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How Galileo’s Story Sheds Light on Neurodivergence and Self-Esteem

When you defy convention, sometimes people and society at large present antagonistic forces that don’t appreciate what you bring and need.
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This article is part of our ongoing series on neurodivergent experiences from a lived Autistic perspective. Aspiritech contributor Julia Wild is a #1 bestselling author, teacher, and editor, and we are honored to share her insights in this new column.

In Italy, 1633, Galileo Galilei was ordered to turn himself in to religious authorities. He was to be put on trial for holding the heretical belief that the Earth revolves around the sun. Throughout the trial, he was imprisoned and secluded — standard protocol for someone in his situation at that time.

Scripture held that the sun moved around the Earth. This could not be disputed, despite the fact that scientists had known for centuries that the Earth was not the center of the universe.

The end result: Galileo agreed not to teach the “heresy” anymore and he spent the rest of his life under house arrest. It took over 300 years for the Church to admit their mistake and clear Galileo’s name.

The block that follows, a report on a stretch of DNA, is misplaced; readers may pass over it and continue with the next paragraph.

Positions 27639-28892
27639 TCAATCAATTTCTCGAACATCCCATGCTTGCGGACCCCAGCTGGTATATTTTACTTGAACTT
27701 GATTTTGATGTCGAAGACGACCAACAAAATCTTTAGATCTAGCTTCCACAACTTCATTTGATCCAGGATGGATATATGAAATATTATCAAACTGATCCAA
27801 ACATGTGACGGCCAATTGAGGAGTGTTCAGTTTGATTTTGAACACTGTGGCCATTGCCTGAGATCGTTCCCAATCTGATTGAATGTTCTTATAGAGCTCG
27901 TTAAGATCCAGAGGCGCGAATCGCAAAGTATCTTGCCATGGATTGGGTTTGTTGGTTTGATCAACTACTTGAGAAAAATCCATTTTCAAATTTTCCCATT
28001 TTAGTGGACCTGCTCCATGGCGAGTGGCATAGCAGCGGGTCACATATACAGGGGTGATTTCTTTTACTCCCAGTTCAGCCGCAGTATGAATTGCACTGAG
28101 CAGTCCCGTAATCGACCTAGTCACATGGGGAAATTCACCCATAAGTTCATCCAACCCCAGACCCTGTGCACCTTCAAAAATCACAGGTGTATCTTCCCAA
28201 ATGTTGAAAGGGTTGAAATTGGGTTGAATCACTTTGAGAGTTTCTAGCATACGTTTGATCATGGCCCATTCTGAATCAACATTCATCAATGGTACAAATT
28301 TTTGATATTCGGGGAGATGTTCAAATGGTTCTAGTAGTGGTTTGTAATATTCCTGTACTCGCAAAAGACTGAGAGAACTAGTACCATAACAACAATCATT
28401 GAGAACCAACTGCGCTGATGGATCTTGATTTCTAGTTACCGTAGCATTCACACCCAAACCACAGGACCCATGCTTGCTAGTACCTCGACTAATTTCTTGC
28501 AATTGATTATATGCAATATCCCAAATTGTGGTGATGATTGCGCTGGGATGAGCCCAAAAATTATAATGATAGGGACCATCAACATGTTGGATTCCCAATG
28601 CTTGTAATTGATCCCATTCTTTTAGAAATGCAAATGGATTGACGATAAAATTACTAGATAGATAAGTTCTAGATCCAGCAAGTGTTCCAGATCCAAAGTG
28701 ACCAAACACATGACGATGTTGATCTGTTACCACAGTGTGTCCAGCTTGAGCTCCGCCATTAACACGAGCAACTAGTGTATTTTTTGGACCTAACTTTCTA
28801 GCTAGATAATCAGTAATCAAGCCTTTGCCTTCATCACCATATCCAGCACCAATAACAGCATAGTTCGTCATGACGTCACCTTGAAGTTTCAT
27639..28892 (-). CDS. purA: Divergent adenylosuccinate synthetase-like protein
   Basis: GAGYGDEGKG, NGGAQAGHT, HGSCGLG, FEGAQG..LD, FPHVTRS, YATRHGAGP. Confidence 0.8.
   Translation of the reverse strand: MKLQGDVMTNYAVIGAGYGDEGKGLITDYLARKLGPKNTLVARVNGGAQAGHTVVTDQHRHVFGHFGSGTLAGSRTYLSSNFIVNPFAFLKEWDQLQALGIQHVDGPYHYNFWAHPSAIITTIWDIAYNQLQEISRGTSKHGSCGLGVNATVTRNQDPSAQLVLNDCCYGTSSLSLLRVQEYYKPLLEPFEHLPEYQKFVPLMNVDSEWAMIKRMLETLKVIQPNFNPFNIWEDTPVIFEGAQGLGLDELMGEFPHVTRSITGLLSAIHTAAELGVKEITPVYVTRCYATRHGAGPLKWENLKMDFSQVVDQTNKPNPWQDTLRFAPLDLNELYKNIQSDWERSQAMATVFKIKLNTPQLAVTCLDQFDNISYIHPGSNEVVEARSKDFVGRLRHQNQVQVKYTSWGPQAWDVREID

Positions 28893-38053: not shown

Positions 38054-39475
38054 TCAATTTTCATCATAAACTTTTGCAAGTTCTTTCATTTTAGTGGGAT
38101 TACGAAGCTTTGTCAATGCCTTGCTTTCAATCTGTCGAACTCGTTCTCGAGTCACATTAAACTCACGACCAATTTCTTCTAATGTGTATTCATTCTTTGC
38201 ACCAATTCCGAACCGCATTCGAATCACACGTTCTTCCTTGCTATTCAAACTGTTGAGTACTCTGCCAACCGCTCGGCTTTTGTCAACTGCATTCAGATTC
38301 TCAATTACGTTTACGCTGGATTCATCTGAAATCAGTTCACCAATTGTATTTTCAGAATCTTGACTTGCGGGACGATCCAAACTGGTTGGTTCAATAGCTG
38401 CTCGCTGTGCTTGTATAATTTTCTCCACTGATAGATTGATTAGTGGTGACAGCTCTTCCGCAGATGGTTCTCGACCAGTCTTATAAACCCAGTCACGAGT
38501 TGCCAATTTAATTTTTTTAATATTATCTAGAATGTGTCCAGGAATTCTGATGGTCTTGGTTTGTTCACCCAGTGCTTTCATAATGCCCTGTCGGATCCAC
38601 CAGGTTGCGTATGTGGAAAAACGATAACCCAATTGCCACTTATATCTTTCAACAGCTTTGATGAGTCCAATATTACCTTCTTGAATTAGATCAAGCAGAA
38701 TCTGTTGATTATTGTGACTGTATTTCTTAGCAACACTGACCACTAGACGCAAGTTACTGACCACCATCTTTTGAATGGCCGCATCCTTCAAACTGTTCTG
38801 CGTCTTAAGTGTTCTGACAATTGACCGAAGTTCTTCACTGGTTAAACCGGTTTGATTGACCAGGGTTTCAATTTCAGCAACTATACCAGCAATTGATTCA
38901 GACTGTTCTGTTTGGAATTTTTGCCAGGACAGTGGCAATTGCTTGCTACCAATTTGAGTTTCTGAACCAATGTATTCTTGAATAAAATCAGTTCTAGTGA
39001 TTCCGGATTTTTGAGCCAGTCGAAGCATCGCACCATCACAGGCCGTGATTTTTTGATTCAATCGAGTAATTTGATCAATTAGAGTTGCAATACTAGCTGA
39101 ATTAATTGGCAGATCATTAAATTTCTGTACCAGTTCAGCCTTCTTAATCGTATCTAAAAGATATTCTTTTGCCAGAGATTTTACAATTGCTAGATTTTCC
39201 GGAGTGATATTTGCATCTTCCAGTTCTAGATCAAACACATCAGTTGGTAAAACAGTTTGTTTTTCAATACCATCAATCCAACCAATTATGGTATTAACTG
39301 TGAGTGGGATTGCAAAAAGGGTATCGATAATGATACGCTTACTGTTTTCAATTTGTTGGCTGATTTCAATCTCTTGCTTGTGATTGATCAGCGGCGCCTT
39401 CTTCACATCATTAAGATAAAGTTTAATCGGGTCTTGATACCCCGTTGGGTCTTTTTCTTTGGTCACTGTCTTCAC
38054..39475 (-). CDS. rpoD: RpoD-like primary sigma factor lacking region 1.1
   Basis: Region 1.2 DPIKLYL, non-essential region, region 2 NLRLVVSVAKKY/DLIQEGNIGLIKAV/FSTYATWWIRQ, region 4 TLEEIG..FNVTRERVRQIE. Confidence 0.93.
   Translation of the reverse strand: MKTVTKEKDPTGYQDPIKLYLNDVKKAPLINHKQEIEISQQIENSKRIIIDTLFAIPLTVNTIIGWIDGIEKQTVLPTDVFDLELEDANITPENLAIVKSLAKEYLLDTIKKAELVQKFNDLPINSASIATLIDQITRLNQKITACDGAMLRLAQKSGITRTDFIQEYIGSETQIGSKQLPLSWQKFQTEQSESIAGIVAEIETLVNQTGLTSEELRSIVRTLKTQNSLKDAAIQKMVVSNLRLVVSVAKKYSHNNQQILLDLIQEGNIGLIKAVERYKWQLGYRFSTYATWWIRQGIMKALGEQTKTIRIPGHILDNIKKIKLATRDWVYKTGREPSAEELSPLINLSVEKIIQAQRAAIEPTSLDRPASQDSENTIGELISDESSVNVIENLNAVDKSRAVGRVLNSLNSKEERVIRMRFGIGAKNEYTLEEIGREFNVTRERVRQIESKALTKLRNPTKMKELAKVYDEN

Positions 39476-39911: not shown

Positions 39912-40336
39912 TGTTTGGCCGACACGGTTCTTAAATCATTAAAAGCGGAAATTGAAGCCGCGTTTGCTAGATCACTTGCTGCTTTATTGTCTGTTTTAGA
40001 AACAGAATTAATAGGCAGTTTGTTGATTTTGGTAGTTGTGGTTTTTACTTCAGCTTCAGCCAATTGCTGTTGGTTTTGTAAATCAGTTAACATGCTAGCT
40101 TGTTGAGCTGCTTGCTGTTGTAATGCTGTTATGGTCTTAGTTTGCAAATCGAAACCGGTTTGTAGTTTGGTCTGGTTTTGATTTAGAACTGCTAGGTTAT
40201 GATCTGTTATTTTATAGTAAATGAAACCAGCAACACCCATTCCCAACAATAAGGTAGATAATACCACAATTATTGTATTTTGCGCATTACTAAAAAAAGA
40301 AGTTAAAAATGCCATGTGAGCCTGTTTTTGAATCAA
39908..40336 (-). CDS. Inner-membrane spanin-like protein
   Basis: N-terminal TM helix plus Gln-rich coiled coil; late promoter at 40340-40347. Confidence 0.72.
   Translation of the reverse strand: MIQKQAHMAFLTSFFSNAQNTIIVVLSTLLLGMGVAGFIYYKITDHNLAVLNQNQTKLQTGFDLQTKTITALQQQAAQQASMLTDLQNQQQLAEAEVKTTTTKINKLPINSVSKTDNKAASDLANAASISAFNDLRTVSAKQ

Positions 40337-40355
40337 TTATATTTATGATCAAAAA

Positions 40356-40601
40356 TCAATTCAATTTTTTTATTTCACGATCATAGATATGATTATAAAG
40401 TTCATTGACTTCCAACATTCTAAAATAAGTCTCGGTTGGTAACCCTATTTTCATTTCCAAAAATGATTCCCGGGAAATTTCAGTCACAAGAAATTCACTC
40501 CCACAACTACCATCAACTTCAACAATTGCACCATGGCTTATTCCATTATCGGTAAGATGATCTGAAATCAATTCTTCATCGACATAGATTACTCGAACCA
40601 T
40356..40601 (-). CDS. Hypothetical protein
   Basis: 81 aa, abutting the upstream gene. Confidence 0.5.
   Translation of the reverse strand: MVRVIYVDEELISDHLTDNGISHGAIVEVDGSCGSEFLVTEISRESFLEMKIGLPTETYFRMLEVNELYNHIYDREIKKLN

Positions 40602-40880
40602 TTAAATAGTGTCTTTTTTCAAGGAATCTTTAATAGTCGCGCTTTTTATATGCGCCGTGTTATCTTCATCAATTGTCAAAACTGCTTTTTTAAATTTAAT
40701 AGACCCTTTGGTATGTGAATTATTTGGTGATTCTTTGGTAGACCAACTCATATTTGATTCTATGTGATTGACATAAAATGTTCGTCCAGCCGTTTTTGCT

I am not sharing this to make a statement about religion. I am sharing this because I see common threads between Galileo and neurodivergence in terms of trying to be yourself in a closed-minded world. To be uniquely wired-up or neurodivergent is to trailblaze for yourself. When you trailblaze for yourself, you defy convention. When you defy convention, sometimes people and society at large present antagonistic forces that don’t appreciate what you bring and need; that sometimes try to bring you down, like crabs in a barrel. Devaluation and marginalization are key tactics to those ends. 

I am sharing Galileo’s story because he was persecuted for thinking ahead of his time and for thinking differently than the status quo. This is something that — in some form and to some degree — I believe neurodivergent people deal with constantly. Often even more so if you are female and/or a person of color.

The overarching dynamics are similar. Someone who doesn’t understand you decided things were going to be a certain way, decided how people should think. Add to that that they’re incorrect to begin with. However, you see things differently, possibly even more accurately, and for that you are labeled as “disordered”. Galileo was correct yet labeled as “heretical”. Simply stated, it is a form of scapegoating.

Sometimes I wonder what Galileo’s self-esteem was like as he remained isolated in prison, and when he was ordered to stop teaching facts, while under house arrest for the remainder of his natural life. If being judged as “heretical” for his scientifically backed point of view made him question himself. If he felt angry and wronged — these are not unfamiliar feelings on the path of neurodivergence.